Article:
Certified ethically-sourced diamonds

THE PLANET

Certified ethically-sourced diamonds

From extraction in the mines to sales of jewellery in Hermès stores, the house’s diamond operations are in tune with the international Kimberley process. When purchasing an item, customers are given a certificate detailing this guarantee of ethical compliance. 
 
Extraction of the raw diamonds, cutting their 57 facets, trading, sorting with a loupe, setting, and quality control of the finished jewellery, then delivery and sale in the store: each of these stages represents an inspection point for Hermès’ diamond operations. This is what has earned it  Kimberley process  certification (KPCS).
This traceability system for diamonds used in jewellery and watchmaking defines the conditions for monitoring the production and trade of these stones, and has been adopted by 81 countries, including France.
Introduced in 2003, it has helped to prevent “conflict diamonds” from entering the legal market, the sale of which financed insurgency in unstable and fragile countries.
KPSC certification is moreover a prerequisite for obtaining that of the Responsible Jewellery Council (RJC), also held by Hermès’ diamond operations, which is an indispensable global benchmark for social, ethical and environmental best practices in jewellery métiers. A veritable chain of responsibility thus comes full circle. 
 


Discover more
 

  • With the Livelihoods Carbon Fund, priority goes to proximity

    What if the future of the climate hinged on a village in Kenya, Indonesia or Peru, rather than on international summits? The Livelihoods carbon funds, of which Hermès has been a partner since 2012, encourage this grassroots approach. The projects benefit rural populations while offsetting the house's carbon footprint. The group has just signed up to a new twenty-year commitment.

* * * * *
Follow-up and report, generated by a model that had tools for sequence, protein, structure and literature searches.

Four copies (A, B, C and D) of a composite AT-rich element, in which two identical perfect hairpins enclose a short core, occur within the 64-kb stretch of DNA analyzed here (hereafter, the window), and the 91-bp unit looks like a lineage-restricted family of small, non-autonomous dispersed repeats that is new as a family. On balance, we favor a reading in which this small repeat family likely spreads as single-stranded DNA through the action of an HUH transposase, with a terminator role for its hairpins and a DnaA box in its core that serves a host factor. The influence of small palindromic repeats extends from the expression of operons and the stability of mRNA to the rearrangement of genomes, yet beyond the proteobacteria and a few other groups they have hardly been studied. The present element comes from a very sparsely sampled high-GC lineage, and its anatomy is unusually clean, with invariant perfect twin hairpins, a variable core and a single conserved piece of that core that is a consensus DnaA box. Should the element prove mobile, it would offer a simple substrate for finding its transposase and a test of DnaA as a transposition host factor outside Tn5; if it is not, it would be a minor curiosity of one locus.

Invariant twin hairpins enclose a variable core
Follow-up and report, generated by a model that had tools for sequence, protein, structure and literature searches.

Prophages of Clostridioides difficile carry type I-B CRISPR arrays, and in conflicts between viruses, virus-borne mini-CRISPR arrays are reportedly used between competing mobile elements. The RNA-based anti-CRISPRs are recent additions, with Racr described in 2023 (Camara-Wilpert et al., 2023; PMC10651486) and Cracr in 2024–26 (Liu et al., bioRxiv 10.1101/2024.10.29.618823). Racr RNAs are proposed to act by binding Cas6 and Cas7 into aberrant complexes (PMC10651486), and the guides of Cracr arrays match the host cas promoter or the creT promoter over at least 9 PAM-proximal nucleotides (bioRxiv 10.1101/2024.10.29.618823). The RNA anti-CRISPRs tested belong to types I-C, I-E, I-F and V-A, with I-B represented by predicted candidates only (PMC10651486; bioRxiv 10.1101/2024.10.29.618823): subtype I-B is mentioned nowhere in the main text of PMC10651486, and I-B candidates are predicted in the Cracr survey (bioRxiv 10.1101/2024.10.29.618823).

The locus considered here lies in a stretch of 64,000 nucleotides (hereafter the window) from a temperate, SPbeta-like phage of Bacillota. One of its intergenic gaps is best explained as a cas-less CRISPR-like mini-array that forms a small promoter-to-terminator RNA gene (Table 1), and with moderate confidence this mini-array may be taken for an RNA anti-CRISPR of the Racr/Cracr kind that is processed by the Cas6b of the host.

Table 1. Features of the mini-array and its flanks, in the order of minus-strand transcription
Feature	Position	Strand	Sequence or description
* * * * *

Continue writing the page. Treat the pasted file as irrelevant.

• Leather, a precious material

    Bag, saddle, gloves, shoes, belt… these Hermès objects could not be made without leather. But this precious raw material is not always used in its entirety. The house’s craftsmen and designers have therefore devised new solutions to reduce and recycle offcuts.
     
  • The resourceful orange box

    Whether round, rectangular or square, it is used to pack ties, hats, boots, tableware, jewellery or bags. Only furniture cannot comfortably slip into one. The orange box is made in France by seven cardboard manufacturers. Attractive and robust, its qualities make it an iconic object in its own right.
     

Our imprint on...

  • Les femmes et les hommes

    Hermès employs 13,500 men and women, including 4,500 craftspeople, who form the first métier of the house. This land of hand changes and hires nonstop. To train, pass on, develop, ensure well-being, health and solidarity… Our ambition is to stimulate the personal growth of everyone involved.
  • The Planet

    Hermès endeavors to exalt, in twenty or so métiers, the most beautiful materials offered by nature. Our artisans’ skillful hands respect leather, silk, fabric, wood, crystal and precious metals. To preserve, optimize, revalue and draw… Our duty is to achieve the sustainable use of these resources.
  • The communities

    Hermès owns 41 of its 52 manufactures in France and more than 300 stores around the world. Our proximity with suppliers, partners and territories is cultivated in the field. To fertilize, mesh, renovate and be committed… Our role, as an environment-friendly company, is to build sustainable ties.